Microbes in the News

Plankton toxin drives birds crazy

Article synopsis:
A toxin produced by certain phytoplankton can pose dangers when it passes up through the food chain. On rare occasions sea birds ingest enough of this toxin through the fish they eat to cause them to behave strangely. Hitchcock's movie "The Birds" was very loosely based on one of these rare incidents.

Article citation:
"Researchers May Have Solved Mystery of 'The Birds'," Associated Press, Jul. 11, 1995, p. .

Article summary:
The marine phytoplankton called Pseudo-nitzschia australis produces domoic acid, a substance which can cause neurological damage in birds and mammals if consumed in sufficient quantities. When ocean conditions lead to a plankton bloom -- a dramatic increase in the number of plankton -- the sea creatures that feed on plankton can become contaminated with domoic acid. This in turn presents a hazard to animals further up the food chain.

In 1991 many seabirds around Monterey Bay in California were found to have been poisoned by domoic acid through the anchovies that the birds fed on. The unusual behavior of some of the poisoned birds brought to mind a very similar incident in 1961 in which flocks of birds descended on shoreside communities, nipping passersby, running into cars, and generally behaving as if intoxicated. Alfred Hitchcock's movie "The Birds," which was based in part on a Daphne DuMaurier short story, was also inspired by this incident.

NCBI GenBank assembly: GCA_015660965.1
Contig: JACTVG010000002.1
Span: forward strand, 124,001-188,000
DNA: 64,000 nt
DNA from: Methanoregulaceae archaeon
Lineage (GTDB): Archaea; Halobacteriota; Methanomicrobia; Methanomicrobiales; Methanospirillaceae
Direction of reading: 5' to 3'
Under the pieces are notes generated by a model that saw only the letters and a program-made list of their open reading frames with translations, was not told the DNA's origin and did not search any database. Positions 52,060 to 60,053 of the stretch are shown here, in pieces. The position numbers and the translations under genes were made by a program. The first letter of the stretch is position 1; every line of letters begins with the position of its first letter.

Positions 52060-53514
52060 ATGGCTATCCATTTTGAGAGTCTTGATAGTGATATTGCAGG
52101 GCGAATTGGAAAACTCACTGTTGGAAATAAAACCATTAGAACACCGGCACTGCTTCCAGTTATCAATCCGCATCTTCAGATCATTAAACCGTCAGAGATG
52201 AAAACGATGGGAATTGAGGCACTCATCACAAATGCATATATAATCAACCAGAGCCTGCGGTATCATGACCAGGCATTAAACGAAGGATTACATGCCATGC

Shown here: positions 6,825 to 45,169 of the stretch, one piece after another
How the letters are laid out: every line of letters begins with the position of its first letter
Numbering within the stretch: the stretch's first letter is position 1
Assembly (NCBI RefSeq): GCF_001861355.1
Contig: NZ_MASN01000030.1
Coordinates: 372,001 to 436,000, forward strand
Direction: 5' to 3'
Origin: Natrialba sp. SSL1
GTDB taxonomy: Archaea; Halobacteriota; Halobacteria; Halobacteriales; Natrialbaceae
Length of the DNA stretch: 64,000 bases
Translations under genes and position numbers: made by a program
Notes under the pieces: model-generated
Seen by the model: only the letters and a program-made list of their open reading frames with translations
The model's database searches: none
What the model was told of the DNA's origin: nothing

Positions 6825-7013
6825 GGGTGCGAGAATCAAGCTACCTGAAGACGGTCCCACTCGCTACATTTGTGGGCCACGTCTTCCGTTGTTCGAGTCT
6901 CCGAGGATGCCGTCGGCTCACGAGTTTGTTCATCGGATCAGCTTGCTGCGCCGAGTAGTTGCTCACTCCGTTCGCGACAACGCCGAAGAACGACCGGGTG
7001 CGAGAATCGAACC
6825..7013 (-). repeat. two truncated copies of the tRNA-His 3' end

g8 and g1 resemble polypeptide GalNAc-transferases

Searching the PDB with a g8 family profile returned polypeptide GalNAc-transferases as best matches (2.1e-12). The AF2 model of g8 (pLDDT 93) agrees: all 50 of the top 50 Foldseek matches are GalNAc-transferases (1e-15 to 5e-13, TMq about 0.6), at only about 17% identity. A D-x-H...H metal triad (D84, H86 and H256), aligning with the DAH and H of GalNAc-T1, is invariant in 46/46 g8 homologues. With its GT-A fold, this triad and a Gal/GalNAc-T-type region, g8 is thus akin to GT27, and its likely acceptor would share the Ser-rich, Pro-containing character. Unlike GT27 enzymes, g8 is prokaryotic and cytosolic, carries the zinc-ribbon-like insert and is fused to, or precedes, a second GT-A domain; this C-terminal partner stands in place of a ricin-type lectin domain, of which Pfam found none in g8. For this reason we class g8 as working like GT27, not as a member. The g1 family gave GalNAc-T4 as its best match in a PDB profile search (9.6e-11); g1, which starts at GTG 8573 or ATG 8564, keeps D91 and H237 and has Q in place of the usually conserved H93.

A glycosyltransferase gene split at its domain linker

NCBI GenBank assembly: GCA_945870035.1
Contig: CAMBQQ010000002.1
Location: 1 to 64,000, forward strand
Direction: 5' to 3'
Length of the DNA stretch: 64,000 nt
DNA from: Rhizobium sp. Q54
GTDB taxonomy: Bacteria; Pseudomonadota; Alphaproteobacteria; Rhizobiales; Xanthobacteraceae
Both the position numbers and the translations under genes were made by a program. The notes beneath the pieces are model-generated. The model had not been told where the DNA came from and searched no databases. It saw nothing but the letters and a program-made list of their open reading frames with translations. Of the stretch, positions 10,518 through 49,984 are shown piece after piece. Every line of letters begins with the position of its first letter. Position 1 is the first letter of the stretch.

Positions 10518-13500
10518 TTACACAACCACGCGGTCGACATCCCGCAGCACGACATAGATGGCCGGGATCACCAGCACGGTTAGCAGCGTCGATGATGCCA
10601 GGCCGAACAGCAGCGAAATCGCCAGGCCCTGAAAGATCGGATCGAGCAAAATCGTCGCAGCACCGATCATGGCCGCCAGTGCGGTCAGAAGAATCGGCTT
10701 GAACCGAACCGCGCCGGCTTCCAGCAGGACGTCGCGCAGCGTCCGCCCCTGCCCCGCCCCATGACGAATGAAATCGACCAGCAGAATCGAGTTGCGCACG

Domoic acid poisoning has also affected people directly. In 1987 a hundred people on Prince Edward Island in Canada suffered from dizziness, nausea, and memory loss after consuming contaminated mussels. Four people died from the effects of the toxin.

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David Garrison, a biologist from the University of Santa Cruz, proposed this explanation for the odd behavior of the birds. People Daily for Monday July 17, 1995 put the spotlight on David Garrison in a section entitled Not for 'The Birds'.

More information and other links related to toxins which are produced during plankton blooms can be found under Introduction to the Dinoflagellata, from the Museum of Paleontology of The University of California at Berkeley.

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